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To Farm, or Not To Farm Volume 51 Number 5, September/October 1998
by Mark Rose

[image] Terraces mark the Late Archaic (1500 B.C.-A.D. 300) hilltop settlement at Cerro Juanaqueña where evidence for the early cultivation of plants and a sedentary life-style has been found. (Tom Baker, courtesy Robert J. Hard and John R. Roney) [LARGER IMAGE]

The traditional view of the adoption of agriculture in the southwest United States and northwest Mexico may be too simple, according to Robert J. Hard, of the University of Texas, San Antonio, and John R. Roney, of the Bureau of Land Management. Archaeologists have believed that it was a uniform process in which mobile hunting-gathering bands passed through a gradual transition involving casual cultivation of maize and other crops before they became fully sedentary village dwellers dependent on farming at about A.D. 500. Based on their excavations at Cerro Juanaqueña, in northwestern Chihuahua, south of the New Mexico border, and other recent discoveries, Hard and Roney think the transition was much more variable. Located on a hilltop overlooking the floodplain of the Río Casas Grandes, Cerro Juanaqueña covers about ten acres. It is conspicuous for its terraces, some 468 of them averaging 58 feet long and 23 feet wide. Such terraces are common at sites in the region, but archaeologists have debated whether they were used as agricultural plots or as settlements with farming taking place elsewhere. At Cerro Juanaqueña, Hard and Roney found discarded grinding stones, animal bones, ash, and other domestic refuse suggesting that the terraces had been used for habitation. They estimate that construction of the site's terrace walls, more than five miles long in all, would have required the movement of some 22,000 tons of earth and basalt cobbles.

The site's inhabitants ate jack rabbit, cottontail rabbit, mule deer, and pronghorn antelope along with maize, wild squash, and seeds of wild plants. None of this data would, on its own, upset the old view of the adoption of agriculture. But radiocarbon dates from charred maize and wild squash fragments from the site indicate that it was inhabited about 1000 B.C., a millennium or more earlier than other such large settlements. At this early date maize was only just being introduced over most of Arizona and New Mexico, and settlements were limited to a few small houses or rockshelters, although some larger settlements have been found in Tucson, Arizona.

Cerro Juanaqueña may also challenge another long-established notion. Throughout southwestern prehistory the inhabitants of large villages farmed substantial quantities of maize as the deserts did not naturally produce enough wild food for a large stationary population. Hard and Roney, working with ethnobotanists Karen Adams of Crow Canyon and Gayle Fritz of Washington University have recovered from Cerro Juanaqueña far more charred seeds from wild plants such as nondomesticated squash, grasses, and weedy species than maize. In addition, the size of the grinding stones suggests small-seeded local plants were used more than maize. The scientists are considering the possibility that maize was not the staple and instead the inhabitants may have been cultivating some local plants, typically thought of as weeds, including amaranth and purslane as well as grasses. Historically known Native Americans in California and the southwest were known to have tended such plants to enhance their productivity. The link between substantial dependence on maize and the establishment of large villages may therefore not hold true for Cerro Juanaqueña although more research is required in this area.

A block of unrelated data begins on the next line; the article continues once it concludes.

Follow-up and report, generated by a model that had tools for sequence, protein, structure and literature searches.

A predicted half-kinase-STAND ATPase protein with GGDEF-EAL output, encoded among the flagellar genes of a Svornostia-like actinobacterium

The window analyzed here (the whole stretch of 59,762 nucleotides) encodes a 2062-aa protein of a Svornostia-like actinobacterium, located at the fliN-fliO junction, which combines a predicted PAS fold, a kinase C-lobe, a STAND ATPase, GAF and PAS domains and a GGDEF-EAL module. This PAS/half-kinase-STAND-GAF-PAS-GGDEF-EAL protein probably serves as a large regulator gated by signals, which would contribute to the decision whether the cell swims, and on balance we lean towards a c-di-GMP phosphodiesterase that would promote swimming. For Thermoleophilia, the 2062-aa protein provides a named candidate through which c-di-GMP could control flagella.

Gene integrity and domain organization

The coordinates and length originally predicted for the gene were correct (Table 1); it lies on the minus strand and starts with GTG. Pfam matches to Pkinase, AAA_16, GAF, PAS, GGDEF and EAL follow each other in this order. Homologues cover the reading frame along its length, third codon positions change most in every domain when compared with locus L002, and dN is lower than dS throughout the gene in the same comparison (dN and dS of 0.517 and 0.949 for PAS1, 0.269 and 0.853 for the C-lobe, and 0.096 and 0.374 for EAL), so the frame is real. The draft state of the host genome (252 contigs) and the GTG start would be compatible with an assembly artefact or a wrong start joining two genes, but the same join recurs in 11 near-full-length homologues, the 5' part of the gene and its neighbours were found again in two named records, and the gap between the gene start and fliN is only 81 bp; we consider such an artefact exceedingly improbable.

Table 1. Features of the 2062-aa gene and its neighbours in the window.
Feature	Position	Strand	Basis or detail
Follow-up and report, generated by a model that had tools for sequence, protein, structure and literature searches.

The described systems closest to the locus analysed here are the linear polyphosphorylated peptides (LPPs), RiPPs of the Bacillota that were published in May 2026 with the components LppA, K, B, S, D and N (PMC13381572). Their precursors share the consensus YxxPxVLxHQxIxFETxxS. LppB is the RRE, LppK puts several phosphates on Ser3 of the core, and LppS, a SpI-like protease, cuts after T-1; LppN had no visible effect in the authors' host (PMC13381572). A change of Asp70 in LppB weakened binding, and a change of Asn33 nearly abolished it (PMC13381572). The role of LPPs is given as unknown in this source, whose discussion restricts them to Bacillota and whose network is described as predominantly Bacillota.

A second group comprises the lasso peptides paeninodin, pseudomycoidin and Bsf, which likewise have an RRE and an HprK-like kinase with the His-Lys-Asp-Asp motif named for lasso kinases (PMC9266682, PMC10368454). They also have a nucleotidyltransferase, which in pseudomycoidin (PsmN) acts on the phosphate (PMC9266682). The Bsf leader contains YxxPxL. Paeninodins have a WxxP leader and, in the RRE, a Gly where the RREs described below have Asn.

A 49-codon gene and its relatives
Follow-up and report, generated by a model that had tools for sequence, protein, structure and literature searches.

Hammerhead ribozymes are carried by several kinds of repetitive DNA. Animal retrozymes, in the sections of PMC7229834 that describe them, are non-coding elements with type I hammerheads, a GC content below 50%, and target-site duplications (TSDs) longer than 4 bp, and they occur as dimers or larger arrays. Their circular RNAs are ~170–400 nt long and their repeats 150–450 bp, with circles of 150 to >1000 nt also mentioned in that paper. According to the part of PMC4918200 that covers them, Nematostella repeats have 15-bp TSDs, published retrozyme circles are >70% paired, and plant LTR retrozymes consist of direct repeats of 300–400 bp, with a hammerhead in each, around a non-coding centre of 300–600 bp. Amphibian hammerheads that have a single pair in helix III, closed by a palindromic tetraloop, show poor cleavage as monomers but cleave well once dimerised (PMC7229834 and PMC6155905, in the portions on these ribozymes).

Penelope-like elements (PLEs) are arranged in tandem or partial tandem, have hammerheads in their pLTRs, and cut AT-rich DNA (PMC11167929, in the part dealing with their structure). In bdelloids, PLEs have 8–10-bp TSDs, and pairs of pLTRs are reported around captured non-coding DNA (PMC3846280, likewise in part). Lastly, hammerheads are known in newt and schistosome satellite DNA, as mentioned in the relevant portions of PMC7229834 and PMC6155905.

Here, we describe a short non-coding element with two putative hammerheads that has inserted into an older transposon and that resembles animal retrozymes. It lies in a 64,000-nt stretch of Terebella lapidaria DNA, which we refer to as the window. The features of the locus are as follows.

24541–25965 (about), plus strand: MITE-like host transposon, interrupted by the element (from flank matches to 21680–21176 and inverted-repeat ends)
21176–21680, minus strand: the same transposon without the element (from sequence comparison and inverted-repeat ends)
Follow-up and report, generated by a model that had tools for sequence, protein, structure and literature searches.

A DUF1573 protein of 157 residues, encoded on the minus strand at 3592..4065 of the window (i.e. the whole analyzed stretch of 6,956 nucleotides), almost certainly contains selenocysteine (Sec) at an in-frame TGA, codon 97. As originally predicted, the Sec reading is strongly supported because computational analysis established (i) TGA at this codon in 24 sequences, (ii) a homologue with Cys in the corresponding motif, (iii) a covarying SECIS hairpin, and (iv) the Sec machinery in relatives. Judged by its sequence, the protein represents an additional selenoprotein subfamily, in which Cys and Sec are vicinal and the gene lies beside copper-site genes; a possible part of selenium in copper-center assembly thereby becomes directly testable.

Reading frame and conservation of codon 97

Elsewhere, Hard and Roney note, there appear to be other exceptions to the traditional belief in a uniform transition to maize agriculture and the formation of settled village life. For example, at Black Mesa, in northern Arizona, and Cedar Mesa, in southern Utah, evidence for substantial use of maize is present at small settlements of a few pithouses and in rockshelters by 2,000 years ago, a millennium after the occupation of Cerro Juanaquena. However, maize was only a minor part of the diet until about A.D. 1100 in south-central New Mexico and western Texas, although those Native Americans lived in villages with more pithouses. The evidence from Cerro Juanqueña and elsewhere in the region, contend Hard and Roney, indicates considerable variation in the timing of dependence on intensive maize agriculture and the formation of large villages.

The excavations at Cerro Juanaqueña have been funded by the National Science Foundation and supported by the Instituto Nacional de Antropología e Historia.

© 1998 by the Archaeological Institute of America